Classic pattern recognition (feature extraction, dimensional reduction, classification)
A Survey of Affect Recognition Methods: Audio, Visual, and Spontaneous Expressions Zhihong Zeng, Member, IEEE
, Maja Pantic, Senior Member, IEEE
, Glenn I. Roisman and Thomas S. Huang, Fellow, IEEE
How good they are ?
Maybe as good as humans (under controlled conditions)Wha
Open areas in affect perception
Uncontrolled environmentsSubject independenceDyn
Novel cues (posture, head movements, gaze, body,
Use of context
Subtle, SpontaneousLimitations due to behaviorist premises
Embodied Conversational Agents
Successful HM communication requires that thecommunication partner is attributed with a form ofpersonality (Cassell)Believable human like physical appearance and behavior (facial expressions, gestures etc.)Huge progress in computer graphics research.
But, basically “emotionalizing” virtual agents or robots by “tweaks and tricks”.
Recently, synthesis (and analysis) of emotions is driven by computational cognitive models.
Cognitive Models of Emotion:
The OCC Model
Ortony, A., Clore, G., Collins, A., eds.: The Cognitive Structure of Emotions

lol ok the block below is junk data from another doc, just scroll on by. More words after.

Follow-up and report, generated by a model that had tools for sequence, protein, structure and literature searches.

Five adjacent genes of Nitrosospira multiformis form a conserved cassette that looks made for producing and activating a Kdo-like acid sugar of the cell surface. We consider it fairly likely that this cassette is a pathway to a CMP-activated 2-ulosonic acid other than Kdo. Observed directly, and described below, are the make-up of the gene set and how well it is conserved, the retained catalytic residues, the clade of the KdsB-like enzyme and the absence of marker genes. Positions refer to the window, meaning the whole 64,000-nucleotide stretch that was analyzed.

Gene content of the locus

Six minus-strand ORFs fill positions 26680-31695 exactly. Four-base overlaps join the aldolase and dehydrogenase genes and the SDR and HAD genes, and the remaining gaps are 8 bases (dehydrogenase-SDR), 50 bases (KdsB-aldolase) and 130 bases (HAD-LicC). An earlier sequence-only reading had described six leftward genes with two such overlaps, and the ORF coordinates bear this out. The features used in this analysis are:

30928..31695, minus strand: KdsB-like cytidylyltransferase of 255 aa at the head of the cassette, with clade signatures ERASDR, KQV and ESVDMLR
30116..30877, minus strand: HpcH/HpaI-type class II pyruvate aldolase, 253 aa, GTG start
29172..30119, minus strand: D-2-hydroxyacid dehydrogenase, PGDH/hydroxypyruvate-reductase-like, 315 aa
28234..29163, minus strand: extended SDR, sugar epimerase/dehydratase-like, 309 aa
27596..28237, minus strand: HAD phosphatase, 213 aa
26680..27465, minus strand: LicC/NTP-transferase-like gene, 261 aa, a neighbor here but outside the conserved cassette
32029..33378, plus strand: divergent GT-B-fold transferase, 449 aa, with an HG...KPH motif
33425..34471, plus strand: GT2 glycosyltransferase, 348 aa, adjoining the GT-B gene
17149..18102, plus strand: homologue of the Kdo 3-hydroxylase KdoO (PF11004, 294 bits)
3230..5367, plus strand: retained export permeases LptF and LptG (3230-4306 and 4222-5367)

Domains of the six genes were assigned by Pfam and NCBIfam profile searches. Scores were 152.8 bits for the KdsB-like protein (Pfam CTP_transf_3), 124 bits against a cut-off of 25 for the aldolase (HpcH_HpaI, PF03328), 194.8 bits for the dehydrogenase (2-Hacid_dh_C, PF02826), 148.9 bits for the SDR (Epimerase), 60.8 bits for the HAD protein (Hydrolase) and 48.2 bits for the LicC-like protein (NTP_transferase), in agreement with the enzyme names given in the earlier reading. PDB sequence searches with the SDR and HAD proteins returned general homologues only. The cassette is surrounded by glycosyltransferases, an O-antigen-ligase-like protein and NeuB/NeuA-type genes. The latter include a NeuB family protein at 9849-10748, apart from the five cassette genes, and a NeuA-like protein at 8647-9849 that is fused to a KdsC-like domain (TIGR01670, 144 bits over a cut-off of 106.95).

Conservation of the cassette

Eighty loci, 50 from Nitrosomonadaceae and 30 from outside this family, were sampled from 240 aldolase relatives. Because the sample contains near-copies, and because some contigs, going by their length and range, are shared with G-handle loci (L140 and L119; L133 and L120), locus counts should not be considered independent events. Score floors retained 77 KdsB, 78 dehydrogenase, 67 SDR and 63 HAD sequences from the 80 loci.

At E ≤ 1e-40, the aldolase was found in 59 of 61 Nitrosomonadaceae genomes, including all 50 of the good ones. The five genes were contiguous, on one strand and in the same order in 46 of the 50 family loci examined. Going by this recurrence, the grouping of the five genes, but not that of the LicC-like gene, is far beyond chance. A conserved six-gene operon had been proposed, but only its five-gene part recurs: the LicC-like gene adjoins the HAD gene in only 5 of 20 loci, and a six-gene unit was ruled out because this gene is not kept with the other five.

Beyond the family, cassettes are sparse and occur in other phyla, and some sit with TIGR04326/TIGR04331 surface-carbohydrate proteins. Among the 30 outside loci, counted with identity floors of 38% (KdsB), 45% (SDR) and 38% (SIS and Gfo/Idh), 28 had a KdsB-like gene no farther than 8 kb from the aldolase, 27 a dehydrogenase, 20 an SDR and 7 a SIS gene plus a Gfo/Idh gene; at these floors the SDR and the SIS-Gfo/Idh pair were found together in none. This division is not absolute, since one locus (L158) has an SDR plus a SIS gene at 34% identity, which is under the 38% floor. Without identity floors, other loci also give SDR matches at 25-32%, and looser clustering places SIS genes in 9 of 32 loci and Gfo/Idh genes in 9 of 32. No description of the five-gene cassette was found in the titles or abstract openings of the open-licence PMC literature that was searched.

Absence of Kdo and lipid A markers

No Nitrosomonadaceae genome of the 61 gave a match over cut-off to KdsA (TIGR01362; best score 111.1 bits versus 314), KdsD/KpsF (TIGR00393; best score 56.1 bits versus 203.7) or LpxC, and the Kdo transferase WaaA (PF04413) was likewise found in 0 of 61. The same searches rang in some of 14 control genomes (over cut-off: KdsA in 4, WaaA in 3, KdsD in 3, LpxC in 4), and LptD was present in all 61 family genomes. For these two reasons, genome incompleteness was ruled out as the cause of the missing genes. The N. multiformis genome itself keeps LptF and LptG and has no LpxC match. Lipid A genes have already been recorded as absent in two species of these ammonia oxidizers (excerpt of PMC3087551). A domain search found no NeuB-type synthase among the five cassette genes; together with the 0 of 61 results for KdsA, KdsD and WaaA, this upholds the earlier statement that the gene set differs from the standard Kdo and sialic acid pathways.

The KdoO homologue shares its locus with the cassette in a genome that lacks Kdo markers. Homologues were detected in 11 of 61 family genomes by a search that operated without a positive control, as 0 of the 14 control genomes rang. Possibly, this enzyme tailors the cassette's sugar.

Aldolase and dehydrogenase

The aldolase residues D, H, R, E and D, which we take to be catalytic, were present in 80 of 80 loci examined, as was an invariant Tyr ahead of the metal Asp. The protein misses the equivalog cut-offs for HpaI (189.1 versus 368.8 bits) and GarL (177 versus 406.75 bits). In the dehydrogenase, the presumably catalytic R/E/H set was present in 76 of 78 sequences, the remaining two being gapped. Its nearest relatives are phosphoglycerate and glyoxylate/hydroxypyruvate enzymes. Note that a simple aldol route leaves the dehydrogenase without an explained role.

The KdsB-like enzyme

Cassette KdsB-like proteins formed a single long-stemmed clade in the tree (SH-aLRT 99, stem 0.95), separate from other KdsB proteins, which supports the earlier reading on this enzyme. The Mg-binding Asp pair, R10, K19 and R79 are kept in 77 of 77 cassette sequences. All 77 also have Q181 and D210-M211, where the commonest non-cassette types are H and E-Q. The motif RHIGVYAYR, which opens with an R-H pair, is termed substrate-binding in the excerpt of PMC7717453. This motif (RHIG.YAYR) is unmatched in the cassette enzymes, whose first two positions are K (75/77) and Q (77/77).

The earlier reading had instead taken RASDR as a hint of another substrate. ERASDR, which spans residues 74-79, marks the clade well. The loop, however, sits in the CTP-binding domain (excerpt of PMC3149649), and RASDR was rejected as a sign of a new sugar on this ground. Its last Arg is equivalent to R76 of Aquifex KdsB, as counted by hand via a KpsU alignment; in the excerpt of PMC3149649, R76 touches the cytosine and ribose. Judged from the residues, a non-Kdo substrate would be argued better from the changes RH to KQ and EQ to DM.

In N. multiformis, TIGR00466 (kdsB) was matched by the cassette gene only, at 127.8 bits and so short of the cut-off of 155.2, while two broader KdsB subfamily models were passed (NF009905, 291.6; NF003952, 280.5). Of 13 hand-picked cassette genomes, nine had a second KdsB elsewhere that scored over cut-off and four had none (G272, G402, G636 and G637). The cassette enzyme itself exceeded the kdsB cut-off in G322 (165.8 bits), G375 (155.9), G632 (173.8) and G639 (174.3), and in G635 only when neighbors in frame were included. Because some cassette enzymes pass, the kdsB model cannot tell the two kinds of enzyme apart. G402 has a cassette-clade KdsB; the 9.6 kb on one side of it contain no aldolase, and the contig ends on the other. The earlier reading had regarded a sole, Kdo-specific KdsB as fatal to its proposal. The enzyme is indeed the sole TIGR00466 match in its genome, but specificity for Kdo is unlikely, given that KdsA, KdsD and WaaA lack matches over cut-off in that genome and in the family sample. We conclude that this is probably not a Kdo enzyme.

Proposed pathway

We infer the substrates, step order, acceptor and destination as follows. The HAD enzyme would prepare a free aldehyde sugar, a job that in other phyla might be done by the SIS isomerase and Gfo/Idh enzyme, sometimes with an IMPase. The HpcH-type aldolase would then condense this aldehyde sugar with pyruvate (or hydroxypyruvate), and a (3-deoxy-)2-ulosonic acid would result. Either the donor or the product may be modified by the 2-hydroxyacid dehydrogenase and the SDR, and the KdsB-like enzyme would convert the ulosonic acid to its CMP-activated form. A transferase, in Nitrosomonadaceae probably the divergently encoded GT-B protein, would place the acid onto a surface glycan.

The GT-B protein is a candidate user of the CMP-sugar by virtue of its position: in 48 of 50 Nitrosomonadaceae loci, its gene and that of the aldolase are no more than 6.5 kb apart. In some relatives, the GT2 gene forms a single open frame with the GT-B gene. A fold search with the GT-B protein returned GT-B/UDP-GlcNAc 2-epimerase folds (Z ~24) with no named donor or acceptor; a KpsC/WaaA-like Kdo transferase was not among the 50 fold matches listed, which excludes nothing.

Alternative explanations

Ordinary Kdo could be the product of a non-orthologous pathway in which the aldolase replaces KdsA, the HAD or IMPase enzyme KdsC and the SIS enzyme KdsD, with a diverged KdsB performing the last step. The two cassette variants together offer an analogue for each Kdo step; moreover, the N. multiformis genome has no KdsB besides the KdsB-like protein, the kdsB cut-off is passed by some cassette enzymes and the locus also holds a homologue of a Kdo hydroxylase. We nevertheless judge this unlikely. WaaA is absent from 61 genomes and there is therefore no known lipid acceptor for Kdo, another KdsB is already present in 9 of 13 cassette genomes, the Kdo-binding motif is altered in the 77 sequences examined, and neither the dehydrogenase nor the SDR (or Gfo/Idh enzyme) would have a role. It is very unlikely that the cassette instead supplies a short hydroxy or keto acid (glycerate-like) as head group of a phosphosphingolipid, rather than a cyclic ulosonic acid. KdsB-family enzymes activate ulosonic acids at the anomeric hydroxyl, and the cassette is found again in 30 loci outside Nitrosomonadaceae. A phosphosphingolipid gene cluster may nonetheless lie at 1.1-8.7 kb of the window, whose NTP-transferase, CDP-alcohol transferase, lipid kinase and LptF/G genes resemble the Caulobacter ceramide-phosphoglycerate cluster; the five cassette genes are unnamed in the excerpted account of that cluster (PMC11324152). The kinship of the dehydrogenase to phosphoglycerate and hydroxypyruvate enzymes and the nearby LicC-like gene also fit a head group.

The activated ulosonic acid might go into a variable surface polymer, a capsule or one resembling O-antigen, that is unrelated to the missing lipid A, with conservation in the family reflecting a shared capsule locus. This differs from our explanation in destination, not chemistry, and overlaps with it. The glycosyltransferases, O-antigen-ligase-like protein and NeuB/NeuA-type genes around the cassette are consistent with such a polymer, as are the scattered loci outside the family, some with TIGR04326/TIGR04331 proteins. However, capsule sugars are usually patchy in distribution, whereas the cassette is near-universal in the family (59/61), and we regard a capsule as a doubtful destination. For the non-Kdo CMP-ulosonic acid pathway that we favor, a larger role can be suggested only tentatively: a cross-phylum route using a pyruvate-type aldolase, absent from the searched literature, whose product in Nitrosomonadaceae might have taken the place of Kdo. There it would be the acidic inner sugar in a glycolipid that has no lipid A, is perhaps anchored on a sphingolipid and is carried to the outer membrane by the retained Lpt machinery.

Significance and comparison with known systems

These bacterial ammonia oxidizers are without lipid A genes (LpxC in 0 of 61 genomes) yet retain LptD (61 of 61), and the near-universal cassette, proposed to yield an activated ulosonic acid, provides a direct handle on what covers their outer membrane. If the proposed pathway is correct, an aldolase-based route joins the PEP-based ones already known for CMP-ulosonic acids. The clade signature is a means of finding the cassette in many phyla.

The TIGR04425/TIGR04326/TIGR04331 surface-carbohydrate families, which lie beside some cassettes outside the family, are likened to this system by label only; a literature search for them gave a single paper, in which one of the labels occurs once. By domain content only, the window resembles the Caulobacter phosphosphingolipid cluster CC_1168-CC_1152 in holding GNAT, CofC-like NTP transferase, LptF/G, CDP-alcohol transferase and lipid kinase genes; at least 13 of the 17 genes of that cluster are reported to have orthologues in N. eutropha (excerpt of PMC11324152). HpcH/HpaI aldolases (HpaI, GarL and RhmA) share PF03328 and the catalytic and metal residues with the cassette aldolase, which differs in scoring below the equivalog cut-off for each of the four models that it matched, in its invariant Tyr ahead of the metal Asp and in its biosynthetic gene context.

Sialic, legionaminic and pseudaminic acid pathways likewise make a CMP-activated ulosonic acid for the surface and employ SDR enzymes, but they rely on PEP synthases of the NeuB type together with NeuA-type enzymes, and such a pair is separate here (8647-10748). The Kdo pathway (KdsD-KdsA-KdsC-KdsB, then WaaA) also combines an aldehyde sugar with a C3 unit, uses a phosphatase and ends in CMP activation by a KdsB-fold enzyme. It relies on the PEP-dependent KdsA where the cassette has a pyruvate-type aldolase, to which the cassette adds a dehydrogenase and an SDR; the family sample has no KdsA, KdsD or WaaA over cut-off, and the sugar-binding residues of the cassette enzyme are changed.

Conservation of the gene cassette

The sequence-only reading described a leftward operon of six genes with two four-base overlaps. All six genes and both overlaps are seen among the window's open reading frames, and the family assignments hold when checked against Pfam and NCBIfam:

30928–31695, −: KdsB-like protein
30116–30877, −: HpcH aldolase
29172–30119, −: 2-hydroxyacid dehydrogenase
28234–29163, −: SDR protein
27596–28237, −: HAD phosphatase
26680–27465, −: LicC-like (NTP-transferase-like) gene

… some successful demonstrations
– Medical guidelines, patient education
– Virtual training, therapy (progress evaluation)
… and many open problems
“Internal” effect of emotions on cognitive appraisal
Multiple emotions (combine and integrate)
Large-Scale Architectures for
SOAR and ACT-R extensions include emotions to modulate learning
“emotional states are not especially different from the processes that we call "thinking"; instead, emotions are certain ways to think that we use to increase our resourcefulness”
Reactive, deliberate (“what-if”), reflective processes
Emotions as a short if interrupt mechanism
Emotion research: an emerging field in cognitive science
understanding: richness, ambiguity, multi-modality
Computer scientists should take a step back and see the big picture.
Real world applications should show the way.
K a r i n v a n B e r k e l Praktijk voor Kinesiologie N i e u w s b r i e f j u n i 2 0 1 3 Eindelijk is het dan zo ver … lekker weer! De zon schijnt, de natuur viert feest. Wat hebben we er lang op moeten Ook in het komende cursusseizoen bied ik weer diverse wachten dit jaar! Zo lang zelfs, dat de zomer al bijna is aangebroken, terwijl we het gevoel hebben nauwelijks Zo start